PHP Update: Five, finally: fast and flexible!

As many of our members know, we’ve been beta-testing PHP 5 for a really long time. The PHP 5 Beta is now over; PHP 5 has become the default for new sites created on our service.

This represents the culmination of a mountain of work on our part; in order to make PHP 5 work for you, we’ve had to retool the backend of our clustering technology to support heterogenous software environments. That’s going to have all kinds of cool benefits in upcoming days, well beyond its implications for PHP.

If you’re currently running PHP 4 and you’re happy with it, don’t worry. We’re not planning to do anything drastic to you at this time, and we’ll continue to support PHP 4 as long as the developers do.

As part of the PHP 5 beta, we’ve also unified the versions of PHP 4 and PHP 5 that appear in the ssh environment, and we’ve updated the environment to detect which version your site uses and put it first in your default PATH variable. Concurrent with the update, the /usr/local/bin/php link has been switched from PHP 4 to PHP 5, but since the “php” you get when you type “php” will come straight from the version-specific directory appropriate for your site, that shouldn’t have much effect.

In case you haven’t been following the long-running PHP 5 Beta forum thread, you may not be aware that you can switch back and forth between server types on the fly, usually without downtime. (It’s remotely possible that someone else could trigger a second update right after you, which would cause your site to display “Unknown Site” for a minute or so after switching from PHP 4 to PHP 5 or vice-versa.) To switch PHP versions, all you have to do is click “Change Server Type” on the Site Information panel for your site in our member interface, select the radio button for the site type you want, click “Save Changes,” and wait around for a minute or so.

But, hmm, what’s this? There seem to be two PHP 5 server types listed on that page… “PHP 5 Fast” and “PHP 5 Flex (Beta).” What’s that all about?

Well, we just loved having PHP 5 in beta so much that we couldn’t let it go! OK, not really. Have a look at PHP 5 Flex phpinfo() output compared to PHP 5 Fast phpinfo() output. Spot any important differences?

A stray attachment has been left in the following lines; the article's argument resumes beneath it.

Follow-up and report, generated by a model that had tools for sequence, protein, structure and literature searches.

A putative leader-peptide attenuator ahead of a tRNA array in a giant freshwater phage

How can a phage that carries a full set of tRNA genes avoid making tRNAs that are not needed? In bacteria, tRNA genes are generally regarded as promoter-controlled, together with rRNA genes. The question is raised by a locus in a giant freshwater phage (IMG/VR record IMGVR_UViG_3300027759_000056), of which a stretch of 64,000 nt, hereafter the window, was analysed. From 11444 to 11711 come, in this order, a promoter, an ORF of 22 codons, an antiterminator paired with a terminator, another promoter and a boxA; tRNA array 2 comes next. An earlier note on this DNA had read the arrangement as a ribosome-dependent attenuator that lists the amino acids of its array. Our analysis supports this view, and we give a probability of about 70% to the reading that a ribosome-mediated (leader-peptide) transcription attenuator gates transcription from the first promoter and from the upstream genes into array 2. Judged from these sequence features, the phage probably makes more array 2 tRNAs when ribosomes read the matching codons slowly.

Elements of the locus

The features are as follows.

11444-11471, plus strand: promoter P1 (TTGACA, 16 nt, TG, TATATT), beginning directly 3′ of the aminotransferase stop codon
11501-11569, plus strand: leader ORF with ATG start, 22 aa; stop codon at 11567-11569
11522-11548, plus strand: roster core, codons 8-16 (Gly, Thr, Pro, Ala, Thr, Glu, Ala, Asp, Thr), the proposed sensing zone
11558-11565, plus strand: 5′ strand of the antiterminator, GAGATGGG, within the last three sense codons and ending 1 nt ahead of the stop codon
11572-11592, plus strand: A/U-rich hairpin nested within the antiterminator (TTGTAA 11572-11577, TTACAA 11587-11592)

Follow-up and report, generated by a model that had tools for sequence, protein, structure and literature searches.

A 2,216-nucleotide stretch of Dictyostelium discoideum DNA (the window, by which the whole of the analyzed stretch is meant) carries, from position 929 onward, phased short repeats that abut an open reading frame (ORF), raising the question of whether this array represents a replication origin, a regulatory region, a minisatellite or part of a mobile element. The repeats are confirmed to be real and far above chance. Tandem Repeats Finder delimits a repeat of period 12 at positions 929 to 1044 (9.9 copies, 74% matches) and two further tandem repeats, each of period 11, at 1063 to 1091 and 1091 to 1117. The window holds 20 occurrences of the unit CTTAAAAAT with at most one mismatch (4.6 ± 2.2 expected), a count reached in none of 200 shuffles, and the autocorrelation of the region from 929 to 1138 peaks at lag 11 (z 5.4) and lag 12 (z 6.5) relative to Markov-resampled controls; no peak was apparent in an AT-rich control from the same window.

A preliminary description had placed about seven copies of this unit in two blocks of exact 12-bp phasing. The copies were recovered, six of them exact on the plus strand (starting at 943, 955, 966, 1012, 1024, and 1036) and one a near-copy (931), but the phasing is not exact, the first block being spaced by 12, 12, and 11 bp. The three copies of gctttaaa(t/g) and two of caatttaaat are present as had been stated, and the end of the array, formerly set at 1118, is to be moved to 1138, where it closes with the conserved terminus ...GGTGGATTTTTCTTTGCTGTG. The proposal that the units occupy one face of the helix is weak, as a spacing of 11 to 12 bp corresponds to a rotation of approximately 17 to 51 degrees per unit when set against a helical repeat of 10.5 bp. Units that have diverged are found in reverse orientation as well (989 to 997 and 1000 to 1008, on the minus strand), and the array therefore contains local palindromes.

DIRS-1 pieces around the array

PHP 5 Flex is a new implementation of PHP that runs inside our customized CGI environment. This means we can do fun stuff like turn off safe_mode and open_basedir. That’s right: you can now get non-safe_mode PHP at NearlyFreeSpeech.NET. Now, this has always been sort-of possible if you were willing to mess around with .htaccess, make all your PHP scripts executable and hack #!/usr/local/bin/php lines into them at the top, but when you do that, you’re running the command line version of PHP, so weird stuff sometimes happens. PHP 5 Flex, on the other hand, runs the specialized CGI version of PHP based on the same configuration we used for standard PHP 5, and it runs standard .php files unmodified. You don’t even need to make the PHP scripts executable; it just works. It also uses all the same /home-based paths you’re familiar with from the ssh command line and CGI, like /home/public.

So why would you ever not want that? Well, the answer lies in the name of the alternative, PHP 5 Fast. PHP 5 Fast is based on mod_php5, which runs significantly faster than CGI-based PHP: often three to five times faster, especially when handling lots of small requests. If you don’t need safe_mode off to get compatibility with some strange third-party application, there’s no need to take the speed hit associated with virtualizing every request. That’s why the new PHP default is PHP 5 Fast and why we recommend leaving it as-is unless you have a good reason to change it. PHP 5 Flex is also beta; there may be a few problems to kick around. If you try it and find them, let us know via the forums or support requests.

So that’s our big PHP 5 update. It’s been a long time coming and a lot of work; we hope you enjoy it!


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  1. Haha, sweet! Though I likely won’t be using Flex, it’s cool to have a virtualized environment available.

    Comment by Tim McCormack — December 27, 2007 #

  2. Damn you guys kick ass. Keep up the good work!

    Comment by [name withheld] — December 27, 2007 #

  3. NFSN has been a blessing over the years. Really great decisions lately — thanks for keeping us informed!

    Comment by PC — December 30, 2007 #

  4. Wow, great job guys. You are, by far, the best hosting company I have ever dealt with. You guys are on top of things and know exactly what us developers want. Thanks so very much!

    Comment by Brett — January 2, 2008 #

  5. thank you so much NFS-Team for your hard work!

    Comment by arT2 — January 4, 2008 #

  6. […] However, testing is complete, and PHP 5 (v5.2) support is now out of beta and is the default for all new sites. I just set up a new site not knowing this and everything in my PHP app is functioning as I’d expect. Groovy! […]

    Pingback by PHP 5 now out of beta at Nearly Free Speech » Matt Shelton — January 4, 2008 #

  7. It’s not everyday I read an article in which people are excited about PHP technology… but I would like to; it’s really incredible stuff.

    Keep up the good work guys!

    Comment by Determination — January 14, 2008 #

  8. Great! Now update the FAQ where it says you don’t have PHP5.

    Done. Thanks! -jdw

    Comment by George Smith — January 16, 2008 #

  9. That’s really cool that you are switching to PHP5. I might just have to switch to NFS!

    Comment by Mike — January 20, 2008 #

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